DISEASE SUMMARY PAGE

Osteoarthritis in Lagomorphs

Summary Information
Diseases / List of Miscellaneous / Metabolic / Multifactorial Diseases / Disease summary
Alternative Names --
Disease Agents
  • Progressive deterioration of the articular cartilage. (B609.2.w2)
  • May be primary (associated with ageing), hereditary, developmental factors, or trauma-induced. (B609.2.w2)
Infectious Agent(s) --
Non-infectious Agent(s) --
Physical Agent(s)
General Description Pet rabbits with age-related diseases, such as osteoarthritis, are now more commonly encountered as longevity increases with improved diet and husbandry. (B601.11.w11) 
Clinical signs
  • Non-specific "not doing right." (V.w65)
  • Reduced mobility. (B606.10.w10, B609.2.w2)
  • Abnormal gait, lameness or stiff gait (B601.11.w11, B609.2.w2)
    • Progressive, increasing in frequency and severity of the abnormal gait. B609.2.w2)
    • Lameness or stiffness may be worse both after exercise and after prolonged immobility. (B609.2.w2)
  • Reluctance to move (B601.11.w11)
  • May be unable to hop. B609.2.w2)
  • Hunched posture (B601.11.w11)
  • Anorexia if the rabbit is in significant pain (B603.1.w1)
  • Ungroomed areas such as between the shoulders and around the tail and perineal region. (B609.2.w2)
  • Faeces or caecotrophs may be found in the perineal area. (B609.2.w2)
  • Urine scalding of perineum if unable to reach a normal stance during urination. (B601.11.w11, B609.2.w2)
Further Information
Diagnosis
  • Physical examination. (B609.2.w2)
    • Stiff gait/lameness. (B609.2.w2)
    • Reduced range of motion, crepitus of joints. (B609.2.w2)
    • Swelling of joints, painful joints. (B609.2.w2)
    • Sometimes joint instability (if associated with e.g. a torn ligament). (B609.2.w2)
    • May be obese. (B609.2.w2)
    • May have ungroomed areas of coat, faecal soiling, urine scalding. (B609.2.w2)
  • Radiography (B601.11.w11)
    • Although these animals are usually in some degree of discomfort, it can be difficult to assess this clinically so radiography is needed for definitive diagnosis. (B601.11.w11)
    • The joint capsule may be distended, osteophytosis may be visible, soft tissue thickening and mineralization may be seen and joint spaces may be narrowed. (B609.2.w2)
  • Further testing
    • Arthrocentesis - synovial fluid may contain slightly higher than normal mononuclear cells, whereas with septic arthritis there would be large numbers of neutrophils. Synovial fluid can also be sent for bacterial culture and sensitivity testing to rule out septic arthritis. B609.2.w2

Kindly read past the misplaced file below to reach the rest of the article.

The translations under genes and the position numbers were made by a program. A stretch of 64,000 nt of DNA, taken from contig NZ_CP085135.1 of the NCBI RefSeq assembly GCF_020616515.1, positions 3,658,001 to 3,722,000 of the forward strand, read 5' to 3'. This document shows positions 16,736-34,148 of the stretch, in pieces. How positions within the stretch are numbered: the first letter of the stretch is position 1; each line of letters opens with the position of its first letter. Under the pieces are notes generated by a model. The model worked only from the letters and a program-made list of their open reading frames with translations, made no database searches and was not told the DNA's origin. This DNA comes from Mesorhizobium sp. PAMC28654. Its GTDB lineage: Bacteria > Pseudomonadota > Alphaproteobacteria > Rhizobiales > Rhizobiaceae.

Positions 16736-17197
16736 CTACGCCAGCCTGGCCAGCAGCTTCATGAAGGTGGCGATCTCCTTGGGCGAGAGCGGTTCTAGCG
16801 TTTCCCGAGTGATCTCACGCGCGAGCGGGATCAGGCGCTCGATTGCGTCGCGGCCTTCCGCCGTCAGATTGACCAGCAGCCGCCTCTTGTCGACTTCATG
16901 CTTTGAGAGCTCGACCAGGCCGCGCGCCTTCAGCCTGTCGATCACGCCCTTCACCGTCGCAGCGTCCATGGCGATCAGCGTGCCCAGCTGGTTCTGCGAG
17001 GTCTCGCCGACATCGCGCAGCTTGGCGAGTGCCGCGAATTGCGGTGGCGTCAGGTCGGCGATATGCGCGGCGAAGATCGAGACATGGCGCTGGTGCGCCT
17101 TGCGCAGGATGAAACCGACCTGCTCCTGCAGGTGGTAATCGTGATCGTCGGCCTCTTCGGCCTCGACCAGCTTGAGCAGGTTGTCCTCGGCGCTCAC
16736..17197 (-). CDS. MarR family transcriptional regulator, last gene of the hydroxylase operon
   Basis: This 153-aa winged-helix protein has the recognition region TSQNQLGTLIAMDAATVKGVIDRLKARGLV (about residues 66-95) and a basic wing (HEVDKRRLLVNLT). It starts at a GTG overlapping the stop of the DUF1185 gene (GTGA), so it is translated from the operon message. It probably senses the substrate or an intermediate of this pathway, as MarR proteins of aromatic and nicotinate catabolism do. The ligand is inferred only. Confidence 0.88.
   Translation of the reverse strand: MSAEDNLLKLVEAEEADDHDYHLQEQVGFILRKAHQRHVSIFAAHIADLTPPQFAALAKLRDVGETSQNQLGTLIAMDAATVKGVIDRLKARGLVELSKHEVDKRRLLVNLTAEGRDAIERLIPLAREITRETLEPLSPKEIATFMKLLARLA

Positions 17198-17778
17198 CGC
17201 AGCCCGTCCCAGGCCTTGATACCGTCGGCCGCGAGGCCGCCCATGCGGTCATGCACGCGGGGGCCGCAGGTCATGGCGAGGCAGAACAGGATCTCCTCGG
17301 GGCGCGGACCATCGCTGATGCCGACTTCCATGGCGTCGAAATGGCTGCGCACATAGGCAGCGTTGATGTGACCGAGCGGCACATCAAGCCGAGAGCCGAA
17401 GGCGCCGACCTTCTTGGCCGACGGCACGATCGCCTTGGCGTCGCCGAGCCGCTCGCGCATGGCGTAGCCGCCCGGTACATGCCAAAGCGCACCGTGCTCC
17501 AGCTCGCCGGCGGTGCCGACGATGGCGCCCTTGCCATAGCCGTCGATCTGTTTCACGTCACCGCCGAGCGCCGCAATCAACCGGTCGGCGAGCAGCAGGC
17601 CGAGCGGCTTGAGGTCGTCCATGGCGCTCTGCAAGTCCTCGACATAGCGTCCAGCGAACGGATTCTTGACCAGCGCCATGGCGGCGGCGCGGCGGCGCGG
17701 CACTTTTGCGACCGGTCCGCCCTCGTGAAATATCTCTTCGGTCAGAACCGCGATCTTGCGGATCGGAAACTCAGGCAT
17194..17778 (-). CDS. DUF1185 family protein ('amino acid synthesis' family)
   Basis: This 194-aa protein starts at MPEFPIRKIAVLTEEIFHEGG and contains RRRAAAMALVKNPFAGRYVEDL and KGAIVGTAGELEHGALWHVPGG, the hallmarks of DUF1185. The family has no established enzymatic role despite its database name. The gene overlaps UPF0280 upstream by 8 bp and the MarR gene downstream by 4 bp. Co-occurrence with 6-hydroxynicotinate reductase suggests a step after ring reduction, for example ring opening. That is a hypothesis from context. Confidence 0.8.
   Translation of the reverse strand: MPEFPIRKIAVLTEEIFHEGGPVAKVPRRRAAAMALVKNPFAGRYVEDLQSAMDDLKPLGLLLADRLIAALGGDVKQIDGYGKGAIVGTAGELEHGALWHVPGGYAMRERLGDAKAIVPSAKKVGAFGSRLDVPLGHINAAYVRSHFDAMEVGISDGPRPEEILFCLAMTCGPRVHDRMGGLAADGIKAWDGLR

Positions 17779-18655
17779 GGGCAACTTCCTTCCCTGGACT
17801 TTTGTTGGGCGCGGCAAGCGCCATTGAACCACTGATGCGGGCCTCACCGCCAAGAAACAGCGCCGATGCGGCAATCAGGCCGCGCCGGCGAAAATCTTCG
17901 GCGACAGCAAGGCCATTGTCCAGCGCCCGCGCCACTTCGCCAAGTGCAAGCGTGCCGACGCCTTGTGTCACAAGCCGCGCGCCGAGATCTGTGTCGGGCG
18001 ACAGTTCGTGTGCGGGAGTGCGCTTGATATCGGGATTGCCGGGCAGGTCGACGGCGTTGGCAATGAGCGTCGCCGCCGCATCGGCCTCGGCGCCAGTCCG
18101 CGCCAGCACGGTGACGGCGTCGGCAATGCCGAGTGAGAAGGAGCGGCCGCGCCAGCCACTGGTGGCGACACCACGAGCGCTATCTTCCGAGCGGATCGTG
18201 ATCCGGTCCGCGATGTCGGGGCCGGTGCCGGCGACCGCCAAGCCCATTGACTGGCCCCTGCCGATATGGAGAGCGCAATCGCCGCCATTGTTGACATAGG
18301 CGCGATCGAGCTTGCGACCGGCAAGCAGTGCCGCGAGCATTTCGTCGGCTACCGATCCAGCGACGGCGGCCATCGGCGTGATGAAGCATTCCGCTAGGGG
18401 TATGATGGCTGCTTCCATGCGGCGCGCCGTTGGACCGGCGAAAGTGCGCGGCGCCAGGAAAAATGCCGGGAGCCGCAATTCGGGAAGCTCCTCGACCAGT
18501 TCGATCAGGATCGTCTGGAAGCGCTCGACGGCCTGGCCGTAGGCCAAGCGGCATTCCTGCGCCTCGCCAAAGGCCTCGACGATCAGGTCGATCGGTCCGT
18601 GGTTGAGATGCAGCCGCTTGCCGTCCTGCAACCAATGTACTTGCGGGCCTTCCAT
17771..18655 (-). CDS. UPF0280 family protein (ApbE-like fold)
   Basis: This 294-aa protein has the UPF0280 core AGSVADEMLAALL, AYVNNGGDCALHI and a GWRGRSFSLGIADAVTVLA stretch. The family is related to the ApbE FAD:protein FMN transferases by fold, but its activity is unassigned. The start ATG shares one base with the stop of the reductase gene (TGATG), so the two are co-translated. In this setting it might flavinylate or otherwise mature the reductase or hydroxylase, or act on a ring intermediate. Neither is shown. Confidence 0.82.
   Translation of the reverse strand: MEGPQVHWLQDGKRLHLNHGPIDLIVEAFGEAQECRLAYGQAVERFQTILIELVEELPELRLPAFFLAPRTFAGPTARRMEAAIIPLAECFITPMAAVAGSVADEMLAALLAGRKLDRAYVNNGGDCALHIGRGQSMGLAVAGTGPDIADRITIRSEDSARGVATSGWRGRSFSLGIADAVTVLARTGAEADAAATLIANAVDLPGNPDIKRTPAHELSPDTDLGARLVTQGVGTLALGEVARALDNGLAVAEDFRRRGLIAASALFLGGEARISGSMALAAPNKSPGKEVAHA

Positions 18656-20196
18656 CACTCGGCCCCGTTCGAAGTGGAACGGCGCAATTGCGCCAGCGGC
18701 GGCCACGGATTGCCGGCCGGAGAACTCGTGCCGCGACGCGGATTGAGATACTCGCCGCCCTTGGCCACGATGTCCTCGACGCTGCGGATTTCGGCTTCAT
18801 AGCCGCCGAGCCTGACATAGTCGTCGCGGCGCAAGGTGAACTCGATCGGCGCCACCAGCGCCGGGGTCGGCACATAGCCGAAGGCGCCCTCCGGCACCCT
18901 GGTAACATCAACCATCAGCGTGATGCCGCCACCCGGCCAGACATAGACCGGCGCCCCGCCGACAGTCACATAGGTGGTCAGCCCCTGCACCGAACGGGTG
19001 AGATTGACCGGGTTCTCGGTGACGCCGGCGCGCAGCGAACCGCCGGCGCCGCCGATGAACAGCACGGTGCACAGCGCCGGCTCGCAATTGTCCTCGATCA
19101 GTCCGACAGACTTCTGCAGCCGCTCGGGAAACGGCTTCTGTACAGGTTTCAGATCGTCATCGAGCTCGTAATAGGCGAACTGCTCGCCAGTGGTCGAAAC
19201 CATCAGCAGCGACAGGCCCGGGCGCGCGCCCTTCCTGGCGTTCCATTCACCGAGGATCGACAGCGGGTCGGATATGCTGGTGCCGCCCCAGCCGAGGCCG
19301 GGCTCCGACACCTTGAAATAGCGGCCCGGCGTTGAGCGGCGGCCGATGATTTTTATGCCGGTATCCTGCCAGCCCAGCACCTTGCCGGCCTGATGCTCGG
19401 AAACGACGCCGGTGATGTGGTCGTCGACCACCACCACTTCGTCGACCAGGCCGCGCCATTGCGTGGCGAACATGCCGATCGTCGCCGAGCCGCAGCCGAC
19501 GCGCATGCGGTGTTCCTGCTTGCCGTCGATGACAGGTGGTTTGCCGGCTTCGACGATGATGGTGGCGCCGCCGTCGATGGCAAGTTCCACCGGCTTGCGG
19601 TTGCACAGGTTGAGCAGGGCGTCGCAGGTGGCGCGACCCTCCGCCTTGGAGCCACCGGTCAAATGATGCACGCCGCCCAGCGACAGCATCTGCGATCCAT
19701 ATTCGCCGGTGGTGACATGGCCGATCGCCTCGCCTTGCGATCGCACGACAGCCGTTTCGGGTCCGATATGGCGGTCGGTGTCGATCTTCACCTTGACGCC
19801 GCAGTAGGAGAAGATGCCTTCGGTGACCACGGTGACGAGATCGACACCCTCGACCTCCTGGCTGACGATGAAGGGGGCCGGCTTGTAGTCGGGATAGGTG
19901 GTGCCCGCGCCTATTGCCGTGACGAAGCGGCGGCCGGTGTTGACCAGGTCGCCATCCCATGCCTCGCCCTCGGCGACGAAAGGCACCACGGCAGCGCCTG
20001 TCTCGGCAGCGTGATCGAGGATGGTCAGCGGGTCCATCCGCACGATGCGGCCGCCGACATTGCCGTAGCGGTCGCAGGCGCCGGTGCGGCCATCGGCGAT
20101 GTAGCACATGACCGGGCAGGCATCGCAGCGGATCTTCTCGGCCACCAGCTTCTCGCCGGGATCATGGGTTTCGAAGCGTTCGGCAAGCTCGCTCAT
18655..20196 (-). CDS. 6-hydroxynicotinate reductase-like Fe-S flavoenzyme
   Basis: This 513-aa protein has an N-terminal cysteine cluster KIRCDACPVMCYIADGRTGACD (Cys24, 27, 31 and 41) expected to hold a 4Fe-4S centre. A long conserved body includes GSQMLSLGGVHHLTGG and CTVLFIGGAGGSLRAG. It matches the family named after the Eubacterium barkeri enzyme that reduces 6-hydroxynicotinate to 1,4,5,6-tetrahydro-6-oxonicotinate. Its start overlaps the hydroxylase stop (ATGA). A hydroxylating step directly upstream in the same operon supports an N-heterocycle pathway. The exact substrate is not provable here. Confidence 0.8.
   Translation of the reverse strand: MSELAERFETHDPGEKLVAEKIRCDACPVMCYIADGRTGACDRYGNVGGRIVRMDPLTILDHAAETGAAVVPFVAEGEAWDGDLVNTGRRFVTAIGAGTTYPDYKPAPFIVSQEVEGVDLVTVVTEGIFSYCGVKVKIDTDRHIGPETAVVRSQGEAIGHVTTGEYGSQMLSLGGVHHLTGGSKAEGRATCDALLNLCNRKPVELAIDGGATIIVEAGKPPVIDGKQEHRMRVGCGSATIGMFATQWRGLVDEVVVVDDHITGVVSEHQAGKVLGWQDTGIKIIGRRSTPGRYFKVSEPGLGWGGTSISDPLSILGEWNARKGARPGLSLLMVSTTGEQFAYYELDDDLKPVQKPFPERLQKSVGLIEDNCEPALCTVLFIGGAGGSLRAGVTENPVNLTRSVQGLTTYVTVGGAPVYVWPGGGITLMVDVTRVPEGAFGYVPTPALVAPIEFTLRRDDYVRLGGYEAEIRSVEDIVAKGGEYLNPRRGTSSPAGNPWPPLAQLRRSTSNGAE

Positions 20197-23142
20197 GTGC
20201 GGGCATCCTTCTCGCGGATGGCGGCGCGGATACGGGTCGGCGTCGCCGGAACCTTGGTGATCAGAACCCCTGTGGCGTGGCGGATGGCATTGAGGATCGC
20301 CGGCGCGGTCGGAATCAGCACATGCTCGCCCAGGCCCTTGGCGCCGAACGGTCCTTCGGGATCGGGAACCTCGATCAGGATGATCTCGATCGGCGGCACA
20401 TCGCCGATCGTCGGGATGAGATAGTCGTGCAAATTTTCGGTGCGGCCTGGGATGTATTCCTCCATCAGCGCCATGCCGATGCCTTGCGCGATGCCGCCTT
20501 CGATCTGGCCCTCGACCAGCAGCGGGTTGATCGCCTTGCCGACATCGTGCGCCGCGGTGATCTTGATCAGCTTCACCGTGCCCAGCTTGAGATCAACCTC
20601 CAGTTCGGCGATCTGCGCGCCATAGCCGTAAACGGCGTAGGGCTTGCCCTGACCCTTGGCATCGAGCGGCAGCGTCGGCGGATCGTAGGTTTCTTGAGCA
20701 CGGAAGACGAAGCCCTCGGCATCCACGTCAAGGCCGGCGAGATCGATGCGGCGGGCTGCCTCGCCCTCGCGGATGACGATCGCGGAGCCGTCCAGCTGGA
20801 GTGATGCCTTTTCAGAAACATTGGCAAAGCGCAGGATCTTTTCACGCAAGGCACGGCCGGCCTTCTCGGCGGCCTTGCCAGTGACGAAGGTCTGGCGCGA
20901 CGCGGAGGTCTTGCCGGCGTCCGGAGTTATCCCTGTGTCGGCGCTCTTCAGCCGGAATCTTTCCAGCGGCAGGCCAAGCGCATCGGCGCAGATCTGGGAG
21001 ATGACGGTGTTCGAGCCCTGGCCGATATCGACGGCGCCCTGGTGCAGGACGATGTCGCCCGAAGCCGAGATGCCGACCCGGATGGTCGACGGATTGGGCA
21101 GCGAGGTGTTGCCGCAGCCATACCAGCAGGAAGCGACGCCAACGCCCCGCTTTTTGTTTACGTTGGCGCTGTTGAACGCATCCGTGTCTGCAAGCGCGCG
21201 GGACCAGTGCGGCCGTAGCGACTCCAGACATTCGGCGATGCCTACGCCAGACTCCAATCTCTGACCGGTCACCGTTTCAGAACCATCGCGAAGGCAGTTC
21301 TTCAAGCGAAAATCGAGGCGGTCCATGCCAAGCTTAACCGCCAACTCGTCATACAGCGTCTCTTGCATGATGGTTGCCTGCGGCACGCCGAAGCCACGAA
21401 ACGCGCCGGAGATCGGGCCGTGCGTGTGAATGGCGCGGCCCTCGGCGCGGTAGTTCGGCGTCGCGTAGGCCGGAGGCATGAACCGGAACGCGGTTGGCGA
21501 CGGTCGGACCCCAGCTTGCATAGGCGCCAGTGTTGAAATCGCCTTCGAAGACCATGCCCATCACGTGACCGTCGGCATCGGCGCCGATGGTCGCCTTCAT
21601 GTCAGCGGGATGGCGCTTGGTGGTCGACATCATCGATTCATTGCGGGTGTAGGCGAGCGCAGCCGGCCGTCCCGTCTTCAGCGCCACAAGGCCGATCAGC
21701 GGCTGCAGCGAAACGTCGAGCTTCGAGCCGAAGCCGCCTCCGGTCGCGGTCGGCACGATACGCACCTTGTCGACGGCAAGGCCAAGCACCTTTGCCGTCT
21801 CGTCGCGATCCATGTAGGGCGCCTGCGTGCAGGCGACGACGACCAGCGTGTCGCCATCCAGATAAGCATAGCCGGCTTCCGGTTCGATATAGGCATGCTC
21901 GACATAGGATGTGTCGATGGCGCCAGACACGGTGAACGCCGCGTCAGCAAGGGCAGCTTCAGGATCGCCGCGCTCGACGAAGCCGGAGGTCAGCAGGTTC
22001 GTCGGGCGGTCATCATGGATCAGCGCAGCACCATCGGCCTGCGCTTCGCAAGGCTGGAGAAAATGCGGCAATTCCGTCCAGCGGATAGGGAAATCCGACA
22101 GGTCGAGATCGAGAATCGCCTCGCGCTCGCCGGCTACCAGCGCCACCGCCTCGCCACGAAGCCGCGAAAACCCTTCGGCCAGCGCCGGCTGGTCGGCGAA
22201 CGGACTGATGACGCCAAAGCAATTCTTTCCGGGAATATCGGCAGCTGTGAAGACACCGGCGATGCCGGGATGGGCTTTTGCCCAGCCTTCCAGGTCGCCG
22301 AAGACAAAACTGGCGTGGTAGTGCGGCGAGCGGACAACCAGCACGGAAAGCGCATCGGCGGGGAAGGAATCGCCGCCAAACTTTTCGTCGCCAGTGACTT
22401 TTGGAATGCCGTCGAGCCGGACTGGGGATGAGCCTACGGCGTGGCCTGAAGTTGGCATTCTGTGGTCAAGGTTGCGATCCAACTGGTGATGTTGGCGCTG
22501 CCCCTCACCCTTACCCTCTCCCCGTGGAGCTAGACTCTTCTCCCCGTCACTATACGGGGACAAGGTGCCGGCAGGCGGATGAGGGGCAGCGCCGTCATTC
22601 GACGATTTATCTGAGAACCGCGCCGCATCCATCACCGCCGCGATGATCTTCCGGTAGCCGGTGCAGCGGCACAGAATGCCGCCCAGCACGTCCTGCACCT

• Synovial tissue biopsy could be used to rule out neoplasia. B609.2.w2
Differential diagnoses
Treatment
Long term analgesics and anti-inflammatory medications
  • Meloxicam, orally (B601.11.w11) the liquid form is useful for dosing rabbits. (B606.10.w10) 
    • Up to 1.0 mg/kg twice daily. (V.w65)
    • Use with caution in rabbits with reduced renal function. (B609.2.w2)
  • Carprofen 2.2 mg/kg orally every 12-24 hours. (B609.2.w2)
  • Aspirin - paediatric syrup, 100 mg/kg orally twice daily. (B606.10.w10)
  • Use NSAIDs only when the rabbit is showing clinical signs due to the arthritis. (B609.2.w2)
  • Tramadol is being used in rabbits in the US; anecdotally it is reported to have some beneficial effect. (V.w65)

Supportive treatment

  • Limit exercise; this should be kept to level at which the clinical signs are not aggravated. (B609.2.w2)
  • For prevention of soiling and pressure sores: deep bedding material should be provided. (B601.11.w11, B606.10.w10)
  • Make sure the rabbit continues to eat (remembering that pain may lead to anorexia) - provide a good range of green leafy foods, also concentrate pellets. (B609.2.w2)
  • Encourage water intake - wet leafy foods as well as providing fresh water. (B609.2.w2)
  • Ensure that food and water are easily available to a rabbit with limited mobility. (B606.10.w10)
  • If the rabbit is anorectic, feed with a syringe, or if necessary by nasogastric tube. (B609.2.w2) See:
  • Make sure that the rabbit's litter tray has a low rim, or no rim, so it is easy to enter. (B606.10.w10)
  • For urine scalding: clip the hair around the perineum, bathe the area daily and apply barrier cream. Antibiosis may be necessary in some cases. (B601.11.w11)
  • If the rabbit is obese, slow weight loss should be encouraged (to decrease the stress on the rabbit's joints) by increasing availability of hay and green food while decreasing concentrates. (B606.10.w10, B609.2.w2)

Surgical treatment:

  • Arthrotomy may be used in the treatment of osteochondral disease. (B609.2.w2)
  • Consider reconstructive surgery if there is joint instability. (B609.2.w2)
  • Femoral head osteotomy could be considered as a salvage procedure. (B609.2.w2)
  • Arthrodesis could be considered in some cases, for example with joint instability. (B609.2.w2)
Associated Techniques
Host taxa groups /species
Disease Author Nikki Fox BVSc MRCVS (V.w103); Dr Debra Bourne MA VetMB PhD MRCVS (V.w5)
Referees John Chitty BVetMed CertZooMed MRCVS (V.w65)

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